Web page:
7. No longer engaging in things that one previously enjoyed because of alcohol.
  8. Drinking alcohol even when it is harmful or dangerous.
  9. Drinking alcohol despite medical or mental health problems which are made worse by alcohol.
  10. Building up a high tolerance to alcohol.
  11. Going through withdrawal symptoms when alcohol is unavailable.

If you experience 2 to 3 of these symptoms, that qualifies as a mild AUD.

4 to 5 represents a moderate AUD.

6 or more suggests you may have a severe AUD.

Besides shaking, what other withdrawal symptoms are there?

Alcohol shakes are one sign of withdrawal. There are many more. If you think you may be going into withdrawal, watch out for these signs and symptoms.

  • Anxiety
  • Confusion
  • Delusions and hallucinations
  • Depression
  • Insomnia
  • Irritability
  • Nausea
  • Seizures
  • Sweating

The symptoms you incur when you stop drinking alcohol will depend on how much alcohol you were drinking, and for how long. Someone with more severe alcohol dependency is likely to have more severe withdrawal symptoms.

What is delirium tremens? Are tremors a symptom of delirium tremens?

Delirium tremens is a very serious kind of confusion caused by alcohol withdrawal. It tends to occur around three days into withdrawal, and can last for between 48 and 72 hours.

Symptoms of delirium tremens include shaking/tremors, shivering, sweating and a fluctuating heartbeat. They can also include hallucinations.

You are more likely to get delirium tremens if you have been physically dependent on alcohol for some time, and you stop drinking suddenly.

How do I know if my shaking is caused by delirium tremens?

Shaking can be a normal withdrawal symptom, as well as a symptom of delirium tremens.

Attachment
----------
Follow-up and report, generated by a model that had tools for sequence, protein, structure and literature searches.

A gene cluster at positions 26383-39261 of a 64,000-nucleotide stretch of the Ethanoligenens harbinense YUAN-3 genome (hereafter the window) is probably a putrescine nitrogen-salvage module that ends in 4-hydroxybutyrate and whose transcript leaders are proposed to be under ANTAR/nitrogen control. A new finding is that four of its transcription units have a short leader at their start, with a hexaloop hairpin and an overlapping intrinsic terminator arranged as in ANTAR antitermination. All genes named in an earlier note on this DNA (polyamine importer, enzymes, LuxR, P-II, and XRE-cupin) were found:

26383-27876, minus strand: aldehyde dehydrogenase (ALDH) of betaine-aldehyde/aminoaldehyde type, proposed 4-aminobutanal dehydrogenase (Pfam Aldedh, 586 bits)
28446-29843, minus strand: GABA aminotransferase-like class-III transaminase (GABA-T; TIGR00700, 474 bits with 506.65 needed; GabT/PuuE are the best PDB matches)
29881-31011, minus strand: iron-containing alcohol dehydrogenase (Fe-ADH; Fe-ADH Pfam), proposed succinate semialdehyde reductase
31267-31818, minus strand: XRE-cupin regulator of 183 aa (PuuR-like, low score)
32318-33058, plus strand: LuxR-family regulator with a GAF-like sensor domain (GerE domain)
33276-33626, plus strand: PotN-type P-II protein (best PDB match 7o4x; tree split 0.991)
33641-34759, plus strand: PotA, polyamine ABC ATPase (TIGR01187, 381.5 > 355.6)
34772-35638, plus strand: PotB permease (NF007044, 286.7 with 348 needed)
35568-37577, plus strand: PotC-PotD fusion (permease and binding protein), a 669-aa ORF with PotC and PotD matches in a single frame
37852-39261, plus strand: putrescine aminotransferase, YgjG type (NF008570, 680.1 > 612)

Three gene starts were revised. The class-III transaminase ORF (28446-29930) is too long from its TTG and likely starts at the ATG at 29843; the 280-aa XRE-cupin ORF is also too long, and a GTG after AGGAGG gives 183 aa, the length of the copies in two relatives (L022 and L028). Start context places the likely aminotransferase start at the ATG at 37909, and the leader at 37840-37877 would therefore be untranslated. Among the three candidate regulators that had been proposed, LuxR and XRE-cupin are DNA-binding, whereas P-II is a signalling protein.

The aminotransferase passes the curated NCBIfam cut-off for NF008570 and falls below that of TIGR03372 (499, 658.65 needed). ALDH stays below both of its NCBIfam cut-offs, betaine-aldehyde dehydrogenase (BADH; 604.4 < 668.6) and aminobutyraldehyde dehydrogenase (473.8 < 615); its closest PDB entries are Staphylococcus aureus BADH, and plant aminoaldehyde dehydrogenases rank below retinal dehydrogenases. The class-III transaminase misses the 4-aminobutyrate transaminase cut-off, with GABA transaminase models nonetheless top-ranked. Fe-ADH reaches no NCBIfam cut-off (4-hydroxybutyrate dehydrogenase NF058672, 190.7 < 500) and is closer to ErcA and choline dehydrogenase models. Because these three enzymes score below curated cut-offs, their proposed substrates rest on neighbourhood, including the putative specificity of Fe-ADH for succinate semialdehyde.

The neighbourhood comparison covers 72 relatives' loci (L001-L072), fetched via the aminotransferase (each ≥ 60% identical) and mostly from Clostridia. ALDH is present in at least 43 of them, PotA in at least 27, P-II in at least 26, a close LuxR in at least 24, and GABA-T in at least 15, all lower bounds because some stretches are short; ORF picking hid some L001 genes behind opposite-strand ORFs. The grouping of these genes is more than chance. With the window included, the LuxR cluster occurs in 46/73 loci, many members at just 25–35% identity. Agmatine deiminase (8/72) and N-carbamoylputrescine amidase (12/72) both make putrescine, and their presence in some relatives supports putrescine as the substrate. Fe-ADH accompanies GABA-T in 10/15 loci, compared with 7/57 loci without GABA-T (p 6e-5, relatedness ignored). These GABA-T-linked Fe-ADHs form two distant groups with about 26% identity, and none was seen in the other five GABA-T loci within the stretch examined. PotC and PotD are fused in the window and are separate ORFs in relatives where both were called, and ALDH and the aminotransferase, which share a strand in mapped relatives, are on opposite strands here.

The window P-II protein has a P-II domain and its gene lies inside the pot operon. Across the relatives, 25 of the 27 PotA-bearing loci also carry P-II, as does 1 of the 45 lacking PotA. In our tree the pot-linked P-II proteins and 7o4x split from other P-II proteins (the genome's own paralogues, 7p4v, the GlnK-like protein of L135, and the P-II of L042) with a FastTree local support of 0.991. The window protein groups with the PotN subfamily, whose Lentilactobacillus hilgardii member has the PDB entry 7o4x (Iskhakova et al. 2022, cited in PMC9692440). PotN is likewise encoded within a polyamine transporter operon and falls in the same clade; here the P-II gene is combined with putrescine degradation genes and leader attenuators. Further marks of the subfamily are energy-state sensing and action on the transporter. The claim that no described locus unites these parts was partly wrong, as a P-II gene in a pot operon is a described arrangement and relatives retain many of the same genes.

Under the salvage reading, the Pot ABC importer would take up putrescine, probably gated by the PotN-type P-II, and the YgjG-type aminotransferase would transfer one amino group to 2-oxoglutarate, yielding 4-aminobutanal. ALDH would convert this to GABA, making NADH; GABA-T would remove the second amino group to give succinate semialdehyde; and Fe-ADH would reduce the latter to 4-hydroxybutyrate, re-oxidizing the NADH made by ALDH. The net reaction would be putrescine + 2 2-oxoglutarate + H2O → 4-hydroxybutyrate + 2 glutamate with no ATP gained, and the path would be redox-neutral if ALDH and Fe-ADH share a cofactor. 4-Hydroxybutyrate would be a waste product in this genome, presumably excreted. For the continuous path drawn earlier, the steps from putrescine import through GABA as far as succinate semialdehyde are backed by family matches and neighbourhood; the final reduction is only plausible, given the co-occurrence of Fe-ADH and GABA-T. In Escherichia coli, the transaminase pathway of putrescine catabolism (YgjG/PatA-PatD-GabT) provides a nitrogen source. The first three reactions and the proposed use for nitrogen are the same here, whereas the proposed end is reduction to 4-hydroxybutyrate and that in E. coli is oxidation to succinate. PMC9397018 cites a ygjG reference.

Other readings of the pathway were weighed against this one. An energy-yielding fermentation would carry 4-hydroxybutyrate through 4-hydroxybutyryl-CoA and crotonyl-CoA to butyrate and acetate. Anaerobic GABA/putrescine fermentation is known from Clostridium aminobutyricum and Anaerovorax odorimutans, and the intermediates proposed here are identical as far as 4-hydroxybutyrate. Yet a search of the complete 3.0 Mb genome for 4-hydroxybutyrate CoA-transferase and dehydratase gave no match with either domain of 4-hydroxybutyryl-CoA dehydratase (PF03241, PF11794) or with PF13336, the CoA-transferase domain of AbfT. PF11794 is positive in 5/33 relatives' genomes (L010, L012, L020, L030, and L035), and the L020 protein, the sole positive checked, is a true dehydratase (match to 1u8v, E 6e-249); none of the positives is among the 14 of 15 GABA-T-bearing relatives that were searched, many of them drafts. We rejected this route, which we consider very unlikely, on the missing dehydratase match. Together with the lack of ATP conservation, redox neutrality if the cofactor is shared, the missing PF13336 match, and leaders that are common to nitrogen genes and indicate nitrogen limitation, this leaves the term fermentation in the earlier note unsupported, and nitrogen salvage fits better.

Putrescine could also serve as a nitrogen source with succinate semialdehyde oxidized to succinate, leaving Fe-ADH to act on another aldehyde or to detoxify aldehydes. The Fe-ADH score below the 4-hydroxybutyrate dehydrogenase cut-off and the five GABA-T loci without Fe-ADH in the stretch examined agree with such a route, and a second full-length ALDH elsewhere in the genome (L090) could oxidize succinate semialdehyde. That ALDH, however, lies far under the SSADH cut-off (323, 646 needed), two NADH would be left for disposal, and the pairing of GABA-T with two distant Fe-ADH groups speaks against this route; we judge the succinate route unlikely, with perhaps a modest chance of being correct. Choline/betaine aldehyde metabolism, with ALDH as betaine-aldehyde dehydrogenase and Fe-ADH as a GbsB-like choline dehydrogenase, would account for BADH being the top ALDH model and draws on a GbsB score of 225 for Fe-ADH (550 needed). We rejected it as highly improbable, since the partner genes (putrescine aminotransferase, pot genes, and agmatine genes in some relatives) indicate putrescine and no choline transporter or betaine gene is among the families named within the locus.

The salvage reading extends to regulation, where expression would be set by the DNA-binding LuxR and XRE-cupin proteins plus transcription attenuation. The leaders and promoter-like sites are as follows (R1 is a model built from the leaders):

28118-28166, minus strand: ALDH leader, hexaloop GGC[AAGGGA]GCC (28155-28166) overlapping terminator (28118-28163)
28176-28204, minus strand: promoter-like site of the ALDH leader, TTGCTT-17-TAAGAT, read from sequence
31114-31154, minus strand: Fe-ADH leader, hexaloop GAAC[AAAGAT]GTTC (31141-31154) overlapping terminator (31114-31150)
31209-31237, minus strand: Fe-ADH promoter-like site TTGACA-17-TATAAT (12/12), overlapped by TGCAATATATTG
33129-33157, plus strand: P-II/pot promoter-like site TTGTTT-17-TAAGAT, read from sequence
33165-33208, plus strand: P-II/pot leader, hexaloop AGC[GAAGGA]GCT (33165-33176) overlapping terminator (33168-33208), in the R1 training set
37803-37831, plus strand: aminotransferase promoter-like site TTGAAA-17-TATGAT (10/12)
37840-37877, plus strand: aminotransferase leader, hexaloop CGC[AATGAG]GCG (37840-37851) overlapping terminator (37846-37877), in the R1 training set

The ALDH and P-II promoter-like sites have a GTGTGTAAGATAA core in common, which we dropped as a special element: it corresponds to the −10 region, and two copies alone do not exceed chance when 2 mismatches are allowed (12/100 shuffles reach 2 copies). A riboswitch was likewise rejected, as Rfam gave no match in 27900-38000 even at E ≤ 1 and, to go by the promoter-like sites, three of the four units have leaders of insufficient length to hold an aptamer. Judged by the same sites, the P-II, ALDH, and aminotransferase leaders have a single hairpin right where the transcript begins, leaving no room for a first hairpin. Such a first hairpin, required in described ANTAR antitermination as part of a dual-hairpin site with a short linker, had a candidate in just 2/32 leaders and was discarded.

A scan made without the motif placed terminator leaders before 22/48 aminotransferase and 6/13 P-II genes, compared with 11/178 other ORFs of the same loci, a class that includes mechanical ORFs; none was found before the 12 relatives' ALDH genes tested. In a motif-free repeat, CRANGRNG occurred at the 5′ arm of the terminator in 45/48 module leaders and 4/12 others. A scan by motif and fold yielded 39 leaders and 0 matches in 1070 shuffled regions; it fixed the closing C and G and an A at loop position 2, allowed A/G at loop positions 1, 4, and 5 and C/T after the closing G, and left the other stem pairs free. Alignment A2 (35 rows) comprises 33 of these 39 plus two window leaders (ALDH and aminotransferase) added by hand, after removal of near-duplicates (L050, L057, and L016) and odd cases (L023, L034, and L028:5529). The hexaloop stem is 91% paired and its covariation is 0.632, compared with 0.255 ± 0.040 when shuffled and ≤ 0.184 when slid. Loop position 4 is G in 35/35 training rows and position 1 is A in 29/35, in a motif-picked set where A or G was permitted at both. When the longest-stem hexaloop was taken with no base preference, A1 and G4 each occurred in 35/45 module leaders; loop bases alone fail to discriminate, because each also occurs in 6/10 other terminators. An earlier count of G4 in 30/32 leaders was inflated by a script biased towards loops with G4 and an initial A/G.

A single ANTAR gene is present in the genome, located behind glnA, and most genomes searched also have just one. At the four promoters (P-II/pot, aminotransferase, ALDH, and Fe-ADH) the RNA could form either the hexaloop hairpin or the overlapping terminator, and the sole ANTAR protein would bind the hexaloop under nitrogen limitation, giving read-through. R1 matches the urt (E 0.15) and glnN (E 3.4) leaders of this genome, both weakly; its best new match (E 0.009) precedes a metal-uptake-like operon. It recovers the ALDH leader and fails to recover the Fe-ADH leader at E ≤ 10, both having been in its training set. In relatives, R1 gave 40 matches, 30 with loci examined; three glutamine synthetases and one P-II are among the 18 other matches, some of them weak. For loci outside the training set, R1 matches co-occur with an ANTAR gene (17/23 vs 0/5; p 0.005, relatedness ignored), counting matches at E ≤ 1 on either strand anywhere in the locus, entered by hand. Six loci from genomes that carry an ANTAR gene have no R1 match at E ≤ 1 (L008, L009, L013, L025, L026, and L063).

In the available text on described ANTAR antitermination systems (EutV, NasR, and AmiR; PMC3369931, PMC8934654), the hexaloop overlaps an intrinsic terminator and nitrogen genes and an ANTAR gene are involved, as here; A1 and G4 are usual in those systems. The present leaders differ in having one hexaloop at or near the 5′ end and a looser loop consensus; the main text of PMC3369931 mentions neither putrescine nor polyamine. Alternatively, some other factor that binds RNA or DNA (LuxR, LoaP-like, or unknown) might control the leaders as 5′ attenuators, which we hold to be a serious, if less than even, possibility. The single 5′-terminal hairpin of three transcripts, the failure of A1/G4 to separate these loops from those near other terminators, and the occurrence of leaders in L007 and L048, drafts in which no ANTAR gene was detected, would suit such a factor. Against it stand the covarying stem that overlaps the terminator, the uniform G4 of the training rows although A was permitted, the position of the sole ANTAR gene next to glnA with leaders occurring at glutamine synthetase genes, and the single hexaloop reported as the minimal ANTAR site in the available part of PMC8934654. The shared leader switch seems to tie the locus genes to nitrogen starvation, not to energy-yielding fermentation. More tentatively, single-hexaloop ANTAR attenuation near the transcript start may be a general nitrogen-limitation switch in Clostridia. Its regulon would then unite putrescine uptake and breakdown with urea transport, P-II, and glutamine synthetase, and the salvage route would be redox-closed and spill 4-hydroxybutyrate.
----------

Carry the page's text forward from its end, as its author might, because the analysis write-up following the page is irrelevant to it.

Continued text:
There are a few ways to tell the difference.

  1. If your tremors are a normal withdrawal symptom, they are likely to kick in around 6 hours after your last drink. If they are a symptom of delirium tremens, on the other hand, they will probably begin around 3 days after your last drink.
  2. If you are experiencing hallucinations, then your tremors are more likely to be a consequence of delirium tremens. If your withdrawal symptoms are relatively mild, then they are more likely to be a normal withdrawal symptom.

What else could be causing my tremors?

If you think that your tremors may be alcohol-related, but not caused by withdrawal, there are a couple of other conditions you should be aware of. They are liver disease and alcohol-related brain damage.

In advanced stages, liver disease is known to cause hand-shaking, or asterixis. Also known as ‘liver flap’, this hand movement has been compared to a bird flapping its wings. It is caused by hepatic encephalopathy (HE), a condition in the brain which occurs in the later stages of liver disease.

Alcohol-related brain damage can lead to ‘intention tremors’. Intention tremors are most obvious when someone tries to make a deliberate movement, but can also be visible when someone is at rest. Someone with alcohol-related brain damage may also exhibit poor coordination, unsteadiness and flickering eye movements, sometimes referred to as nystagmus.

Further reading

https://www.niaaa.nih.gov/publications/brochures-and-fact-sheets/alcohol-use-disorder-comparison-between-dsm

This outlines the criteria for an alcohol use disorder according to the DSM-5. It goes into a bit more detail than our article.

https://www.ninds.nih.gov/Disorders/Patient-Caregiver-Education/Fact-Sheets/Tremor-Fact-Sheet#4

This is a helpful fact sheet which discusses the causes and diagnosis of tremors. It goes into more detail on different kinds of tremors and the terminology used to classify them.

boris

Boris is our editor-in-chief at Rehab 4 Addiction. Boris is an addiction expert with more than 20 years in the field.  His expertise covers a broad of topics relating to addiction, rehab and recovery. Boris is an addiction therapist and assists in the alcohol detox and rehab process. Boris has been featured on a variety of websites, including the BBC, Verywell Mind and Healthline.